Hubert Joly Turned Around Best Buy. Now He’s Trying to Fix Capitalism. Photograph: Gregg DeGuire/Getty Images
This article is part of our special report The Big Four.
Joly is a former McKinsey and co-founder of the disruptive startup 1-800-FREE-COOKIES. His new book is a compendium of stories and essays, from the former McKinsey management consultant, that contends market failures, financial derivative bubbles, disruptive technology, ageism and corporate ethos are at the heart of modern corporate dysfunction.
Joly has had a ringside seat to observe corporate crises: as the acting CEO of the electronics retailer in the aftermath of the US holiday shopping season 2011 and subsequent credit-default swaps, auto-industry bailouts and Wall Street meltdown. He looks back wryly on how different it would have been for more comparable companies in less traumatic times.
Joly had arrived at the company, which he knew from McKinsey client meetings, with his small French family business of 2,500 employees. He saw a lot of missed opportunities, but he was also inspired by the beginning of a new era for big companies in which big American companies were reinventing themselves.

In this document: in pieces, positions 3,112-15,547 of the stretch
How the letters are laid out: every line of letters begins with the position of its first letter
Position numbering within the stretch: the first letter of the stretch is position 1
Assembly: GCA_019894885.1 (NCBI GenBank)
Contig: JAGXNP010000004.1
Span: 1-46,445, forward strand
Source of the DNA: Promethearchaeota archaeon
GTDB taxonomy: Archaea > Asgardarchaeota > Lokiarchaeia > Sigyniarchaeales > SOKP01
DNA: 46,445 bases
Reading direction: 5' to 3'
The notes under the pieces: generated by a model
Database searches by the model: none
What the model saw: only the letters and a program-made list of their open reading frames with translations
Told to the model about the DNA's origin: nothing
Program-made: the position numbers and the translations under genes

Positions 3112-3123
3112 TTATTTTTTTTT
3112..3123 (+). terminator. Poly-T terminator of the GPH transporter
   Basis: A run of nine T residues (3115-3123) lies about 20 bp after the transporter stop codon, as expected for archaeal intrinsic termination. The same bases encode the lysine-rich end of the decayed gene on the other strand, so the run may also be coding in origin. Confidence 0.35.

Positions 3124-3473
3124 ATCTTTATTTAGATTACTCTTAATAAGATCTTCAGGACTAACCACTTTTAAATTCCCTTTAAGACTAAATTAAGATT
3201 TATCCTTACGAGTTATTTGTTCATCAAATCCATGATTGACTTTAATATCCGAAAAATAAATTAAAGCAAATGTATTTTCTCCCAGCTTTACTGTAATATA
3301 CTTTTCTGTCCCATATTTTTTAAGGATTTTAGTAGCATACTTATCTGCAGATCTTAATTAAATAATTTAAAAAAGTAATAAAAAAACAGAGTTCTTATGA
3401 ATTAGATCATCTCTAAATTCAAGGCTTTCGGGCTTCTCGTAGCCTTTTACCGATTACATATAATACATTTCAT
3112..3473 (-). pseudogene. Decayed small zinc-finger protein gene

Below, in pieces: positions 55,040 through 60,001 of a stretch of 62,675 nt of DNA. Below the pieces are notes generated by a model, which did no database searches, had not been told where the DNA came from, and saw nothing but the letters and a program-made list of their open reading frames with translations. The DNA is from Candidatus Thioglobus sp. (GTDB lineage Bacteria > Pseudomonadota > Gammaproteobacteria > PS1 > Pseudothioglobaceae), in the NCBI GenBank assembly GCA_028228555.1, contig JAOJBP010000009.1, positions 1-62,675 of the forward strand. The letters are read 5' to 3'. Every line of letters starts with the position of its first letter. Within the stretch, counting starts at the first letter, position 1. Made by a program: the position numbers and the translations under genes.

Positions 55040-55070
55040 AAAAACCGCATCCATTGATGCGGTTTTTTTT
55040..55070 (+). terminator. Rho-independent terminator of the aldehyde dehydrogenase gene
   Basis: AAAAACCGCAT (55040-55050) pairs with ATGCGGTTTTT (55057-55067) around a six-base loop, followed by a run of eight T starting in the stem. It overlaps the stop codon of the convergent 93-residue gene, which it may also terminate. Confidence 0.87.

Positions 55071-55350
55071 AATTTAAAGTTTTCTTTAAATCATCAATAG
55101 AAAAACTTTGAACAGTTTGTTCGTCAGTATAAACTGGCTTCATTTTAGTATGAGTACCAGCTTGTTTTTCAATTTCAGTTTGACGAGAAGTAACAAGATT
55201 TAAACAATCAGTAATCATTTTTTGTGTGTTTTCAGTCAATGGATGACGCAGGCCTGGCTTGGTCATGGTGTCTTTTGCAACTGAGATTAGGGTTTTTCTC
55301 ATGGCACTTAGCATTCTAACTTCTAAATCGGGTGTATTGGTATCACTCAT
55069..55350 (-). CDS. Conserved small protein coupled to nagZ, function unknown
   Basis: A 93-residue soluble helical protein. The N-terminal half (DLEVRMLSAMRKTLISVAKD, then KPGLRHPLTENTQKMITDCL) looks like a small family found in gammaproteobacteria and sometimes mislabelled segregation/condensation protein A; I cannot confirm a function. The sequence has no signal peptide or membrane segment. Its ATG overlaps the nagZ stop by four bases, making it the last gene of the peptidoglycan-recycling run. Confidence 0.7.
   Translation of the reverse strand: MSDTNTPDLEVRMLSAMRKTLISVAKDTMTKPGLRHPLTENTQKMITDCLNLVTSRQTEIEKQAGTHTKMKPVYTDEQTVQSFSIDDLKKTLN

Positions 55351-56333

He is not a fan of the “outsourced CEOs” movement that advises laypeople to spend 30 days or more in senior roles after leaving their day jobs. He believes they are often created by “kite-toting capitalists” in service to their own self-interest. In the case of the jobs, to nurture their enterprise and reap its returns.
Instead he says executives need the necessary time to learn about and execute an unfamiliar new business model and determine whether the company is worth investing in.
In a company’s transformation process, at the top, there will always be continual improvement. Joly says CEO tenure should be measured in months, not years. For the moment, he feels safer in his job than at any other place, “because no one can accuse me of procrastinating”.